Contractor Holds Airport Authority’s Feet to the Fire Despite Absence of Signed Contract

Posted by: Hilger Hammond On: 13th April 2011 | no responses.

Contractor Holds Airport Authority’s Feet to the Fire Despite Absence of Signed Contract

April 13, 2011

By Aileen Leipprandt

Published in the AGC Michigan Legal Brief, Volume VII, Issue 1, 2011

 

In the recent Court of Appeals case, The Garrison Company v Bishop International Airport Authority,(November 2010), the court ruled in a favor of a contractor on the contractor’s claim that a contract existed based upon the defendant’s unequivocal acceptance of the contractor’s bid.  In Garrision, the contractor submitted a bid for $6,650,000 to the Bishop International Airport Authority (Airport Authority) to build an air freight handling facility.  The Airport Authority passed a unanimous resolution accepting Garrison’s bid.  The resolution stated that funding for the project was available and the resolution authorized the Authority’s CEO to execute construction contracts to complete the project.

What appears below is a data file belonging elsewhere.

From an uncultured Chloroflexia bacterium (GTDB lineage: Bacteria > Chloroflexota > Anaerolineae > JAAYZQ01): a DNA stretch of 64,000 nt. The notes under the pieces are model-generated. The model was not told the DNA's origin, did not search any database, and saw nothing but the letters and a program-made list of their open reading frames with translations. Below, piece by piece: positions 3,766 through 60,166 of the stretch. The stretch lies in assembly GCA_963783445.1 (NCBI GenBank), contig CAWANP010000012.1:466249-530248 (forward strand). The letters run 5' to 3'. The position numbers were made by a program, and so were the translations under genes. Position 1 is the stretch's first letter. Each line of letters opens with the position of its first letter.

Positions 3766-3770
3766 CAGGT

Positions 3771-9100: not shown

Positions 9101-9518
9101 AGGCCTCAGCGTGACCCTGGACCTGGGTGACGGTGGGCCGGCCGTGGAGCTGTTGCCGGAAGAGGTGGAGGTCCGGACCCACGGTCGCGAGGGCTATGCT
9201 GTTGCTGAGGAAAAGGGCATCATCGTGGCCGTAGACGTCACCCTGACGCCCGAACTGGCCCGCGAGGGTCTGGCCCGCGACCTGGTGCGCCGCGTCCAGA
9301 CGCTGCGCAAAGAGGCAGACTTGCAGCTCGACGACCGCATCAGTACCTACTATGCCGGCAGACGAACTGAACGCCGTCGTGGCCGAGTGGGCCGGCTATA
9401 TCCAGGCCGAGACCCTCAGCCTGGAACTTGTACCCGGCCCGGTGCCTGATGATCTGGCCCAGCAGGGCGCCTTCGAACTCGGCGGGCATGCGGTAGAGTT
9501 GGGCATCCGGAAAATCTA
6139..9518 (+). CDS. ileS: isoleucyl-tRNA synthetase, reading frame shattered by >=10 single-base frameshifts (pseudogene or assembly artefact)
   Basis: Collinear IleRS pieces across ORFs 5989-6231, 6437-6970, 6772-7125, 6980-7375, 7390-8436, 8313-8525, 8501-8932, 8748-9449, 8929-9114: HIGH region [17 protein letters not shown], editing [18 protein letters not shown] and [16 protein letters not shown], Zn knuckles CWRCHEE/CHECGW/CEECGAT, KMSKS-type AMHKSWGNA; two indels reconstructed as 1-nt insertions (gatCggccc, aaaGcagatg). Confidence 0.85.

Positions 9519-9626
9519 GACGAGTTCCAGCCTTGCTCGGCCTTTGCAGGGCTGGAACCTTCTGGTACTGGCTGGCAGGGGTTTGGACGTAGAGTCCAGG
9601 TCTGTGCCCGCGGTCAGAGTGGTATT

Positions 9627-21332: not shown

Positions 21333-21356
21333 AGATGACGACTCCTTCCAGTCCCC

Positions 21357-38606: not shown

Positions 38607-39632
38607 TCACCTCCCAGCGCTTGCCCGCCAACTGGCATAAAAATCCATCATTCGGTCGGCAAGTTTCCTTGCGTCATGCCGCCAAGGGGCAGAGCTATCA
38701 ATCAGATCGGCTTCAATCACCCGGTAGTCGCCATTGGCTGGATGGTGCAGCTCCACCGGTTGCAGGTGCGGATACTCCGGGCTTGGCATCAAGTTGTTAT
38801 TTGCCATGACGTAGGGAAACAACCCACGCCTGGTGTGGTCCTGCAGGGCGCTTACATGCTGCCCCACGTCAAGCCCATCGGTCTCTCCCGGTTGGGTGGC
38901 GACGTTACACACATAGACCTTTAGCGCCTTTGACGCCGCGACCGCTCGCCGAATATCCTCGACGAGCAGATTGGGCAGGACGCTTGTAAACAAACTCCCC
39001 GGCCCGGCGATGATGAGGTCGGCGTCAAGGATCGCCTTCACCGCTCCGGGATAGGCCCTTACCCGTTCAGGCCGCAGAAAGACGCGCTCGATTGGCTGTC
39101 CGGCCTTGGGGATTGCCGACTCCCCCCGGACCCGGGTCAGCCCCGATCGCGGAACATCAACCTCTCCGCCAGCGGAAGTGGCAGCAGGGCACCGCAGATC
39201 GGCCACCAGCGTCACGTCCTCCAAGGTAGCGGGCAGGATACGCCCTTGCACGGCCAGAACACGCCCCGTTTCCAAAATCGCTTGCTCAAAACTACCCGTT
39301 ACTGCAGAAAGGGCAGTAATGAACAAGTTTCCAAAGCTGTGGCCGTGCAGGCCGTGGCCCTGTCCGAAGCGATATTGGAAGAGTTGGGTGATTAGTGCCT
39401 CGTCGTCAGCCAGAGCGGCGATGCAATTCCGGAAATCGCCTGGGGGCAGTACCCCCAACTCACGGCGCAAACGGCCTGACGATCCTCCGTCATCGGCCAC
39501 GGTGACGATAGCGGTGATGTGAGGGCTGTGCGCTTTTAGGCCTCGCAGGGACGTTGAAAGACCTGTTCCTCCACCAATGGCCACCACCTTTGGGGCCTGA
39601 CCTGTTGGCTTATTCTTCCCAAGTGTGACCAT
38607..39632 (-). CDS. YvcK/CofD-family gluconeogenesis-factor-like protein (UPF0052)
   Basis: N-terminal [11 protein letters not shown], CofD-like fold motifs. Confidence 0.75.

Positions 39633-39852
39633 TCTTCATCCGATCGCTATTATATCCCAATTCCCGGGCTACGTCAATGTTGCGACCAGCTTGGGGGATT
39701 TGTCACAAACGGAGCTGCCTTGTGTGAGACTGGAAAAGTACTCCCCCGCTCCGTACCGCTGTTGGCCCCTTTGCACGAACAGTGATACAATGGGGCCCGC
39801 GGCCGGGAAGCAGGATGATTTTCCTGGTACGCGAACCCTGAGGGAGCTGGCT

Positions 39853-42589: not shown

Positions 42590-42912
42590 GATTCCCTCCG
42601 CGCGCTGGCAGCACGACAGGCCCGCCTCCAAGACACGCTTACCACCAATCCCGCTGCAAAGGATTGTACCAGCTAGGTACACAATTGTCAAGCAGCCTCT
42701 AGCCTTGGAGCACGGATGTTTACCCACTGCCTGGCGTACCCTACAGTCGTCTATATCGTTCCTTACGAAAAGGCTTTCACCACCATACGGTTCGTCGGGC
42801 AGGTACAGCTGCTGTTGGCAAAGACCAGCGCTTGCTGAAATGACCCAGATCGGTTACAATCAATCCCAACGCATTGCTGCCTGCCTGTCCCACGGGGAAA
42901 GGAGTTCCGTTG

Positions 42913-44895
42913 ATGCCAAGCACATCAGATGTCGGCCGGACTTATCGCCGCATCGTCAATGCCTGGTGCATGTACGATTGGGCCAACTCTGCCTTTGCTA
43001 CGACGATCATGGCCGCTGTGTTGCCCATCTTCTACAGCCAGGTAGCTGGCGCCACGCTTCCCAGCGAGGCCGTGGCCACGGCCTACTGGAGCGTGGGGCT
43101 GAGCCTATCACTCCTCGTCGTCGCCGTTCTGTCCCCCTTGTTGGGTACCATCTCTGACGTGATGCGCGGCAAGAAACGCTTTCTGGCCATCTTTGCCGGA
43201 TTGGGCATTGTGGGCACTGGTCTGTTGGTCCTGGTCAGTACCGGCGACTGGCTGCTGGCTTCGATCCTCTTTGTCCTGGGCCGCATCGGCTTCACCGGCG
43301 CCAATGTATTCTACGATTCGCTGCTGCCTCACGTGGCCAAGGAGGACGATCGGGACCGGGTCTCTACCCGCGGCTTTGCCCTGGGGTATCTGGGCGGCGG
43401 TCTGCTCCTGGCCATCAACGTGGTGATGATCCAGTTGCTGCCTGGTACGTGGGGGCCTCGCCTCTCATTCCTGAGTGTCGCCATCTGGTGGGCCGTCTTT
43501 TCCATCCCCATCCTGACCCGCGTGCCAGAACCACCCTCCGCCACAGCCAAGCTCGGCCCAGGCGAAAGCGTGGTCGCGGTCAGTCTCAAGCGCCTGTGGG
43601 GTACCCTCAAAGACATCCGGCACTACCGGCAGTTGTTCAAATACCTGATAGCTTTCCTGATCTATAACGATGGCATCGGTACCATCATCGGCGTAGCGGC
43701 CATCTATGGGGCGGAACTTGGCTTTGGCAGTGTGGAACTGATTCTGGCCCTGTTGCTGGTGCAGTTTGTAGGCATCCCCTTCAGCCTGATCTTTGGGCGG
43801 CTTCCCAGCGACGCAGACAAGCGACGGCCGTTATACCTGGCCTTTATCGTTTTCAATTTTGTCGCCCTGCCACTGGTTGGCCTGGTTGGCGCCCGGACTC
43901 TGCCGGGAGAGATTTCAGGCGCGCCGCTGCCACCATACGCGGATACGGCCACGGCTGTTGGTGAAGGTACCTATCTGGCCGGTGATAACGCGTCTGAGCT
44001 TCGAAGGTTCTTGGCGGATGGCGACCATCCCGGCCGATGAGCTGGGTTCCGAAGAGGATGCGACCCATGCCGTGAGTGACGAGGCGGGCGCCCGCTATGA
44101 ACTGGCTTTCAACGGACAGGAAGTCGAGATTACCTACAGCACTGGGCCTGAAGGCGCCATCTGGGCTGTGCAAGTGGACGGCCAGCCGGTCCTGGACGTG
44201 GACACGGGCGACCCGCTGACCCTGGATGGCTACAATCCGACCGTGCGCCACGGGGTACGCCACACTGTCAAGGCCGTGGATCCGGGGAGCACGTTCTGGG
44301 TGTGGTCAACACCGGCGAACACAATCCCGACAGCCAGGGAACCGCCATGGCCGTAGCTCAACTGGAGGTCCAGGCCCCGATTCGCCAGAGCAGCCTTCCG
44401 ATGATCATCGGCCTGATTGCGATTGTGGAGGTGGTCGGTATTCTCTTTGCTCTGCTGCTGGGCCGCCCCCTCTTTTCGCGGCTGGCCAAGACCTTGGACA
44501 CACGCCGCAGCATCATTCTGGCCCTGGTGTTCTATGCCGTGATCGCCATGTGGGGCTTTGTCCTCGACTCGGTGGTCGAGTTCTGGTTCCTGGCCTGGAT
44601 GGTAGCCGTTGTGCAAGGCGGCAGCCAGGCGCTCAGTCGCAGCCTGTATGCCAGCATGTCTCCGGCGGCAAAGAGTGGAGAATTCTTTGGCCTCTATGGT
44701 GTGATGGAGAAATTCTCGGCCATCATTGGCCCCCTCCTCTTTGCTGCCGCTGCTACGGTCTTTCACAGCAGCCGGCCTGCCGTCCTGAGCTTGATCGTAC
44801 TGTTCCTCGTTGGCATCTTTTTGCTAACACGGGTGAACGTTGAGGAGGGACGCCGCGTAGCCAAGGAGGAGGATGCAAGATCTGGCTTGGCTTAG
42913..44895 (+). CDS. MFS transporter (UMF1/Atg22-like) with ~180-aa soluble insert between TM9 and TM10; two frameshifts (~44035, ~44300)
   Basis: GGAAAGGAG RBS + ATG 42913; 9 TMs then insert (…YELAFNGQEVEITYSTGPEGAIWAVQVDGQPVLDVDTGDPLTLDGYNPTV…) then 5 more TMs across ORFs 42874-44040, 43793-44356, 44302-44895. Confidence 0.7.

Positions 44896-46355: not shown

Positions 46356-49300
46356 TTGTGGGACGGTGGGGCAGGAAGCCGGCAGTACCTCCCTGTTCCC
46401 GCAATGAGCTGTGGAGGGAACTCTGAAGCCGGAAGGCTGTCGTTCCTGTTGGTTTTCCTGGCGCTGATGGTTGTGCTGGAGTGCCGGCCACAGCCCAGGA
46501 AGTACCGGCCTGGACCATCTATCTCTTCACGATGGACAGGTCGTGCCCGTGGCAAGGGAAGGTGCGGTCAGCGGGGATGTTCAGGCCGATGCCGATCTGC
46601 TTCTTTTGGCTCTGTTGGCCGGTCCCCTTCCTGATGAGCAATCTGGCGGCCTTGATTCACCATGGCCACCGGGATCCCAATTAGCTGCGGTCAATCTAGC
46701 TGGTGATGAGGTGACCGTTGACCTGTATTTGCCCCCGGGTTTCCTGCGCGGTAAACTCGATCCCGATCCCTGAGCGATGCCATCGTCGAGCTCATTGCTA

About a month after the Airport Authority accepted Garrison’s bid, before the parties signed construction contracts, the Authority rescinded its acceptance.  Garrison then sued the Authority alleging that the parties had formed a binding contract and that the Authority had no basis to rescind the contract.  Garrison also asserted that the general conditions of the contract (AIA A-201™) allowed the Authority to terminate the contract for convenience, but that Garrison was nonetheless entitled to recover the expenses for completed work and a reasonable amount for overhead and lost profits.  The Airport Authority contended that no contract was ever formed.

 

The trial court agreed with the Airport Authority finding that the parties did not intend to be contractually bound until the construction contracts were actually signed, which never occurred.  The trial court dismissed Garrison’s claim.  Garrison appealed.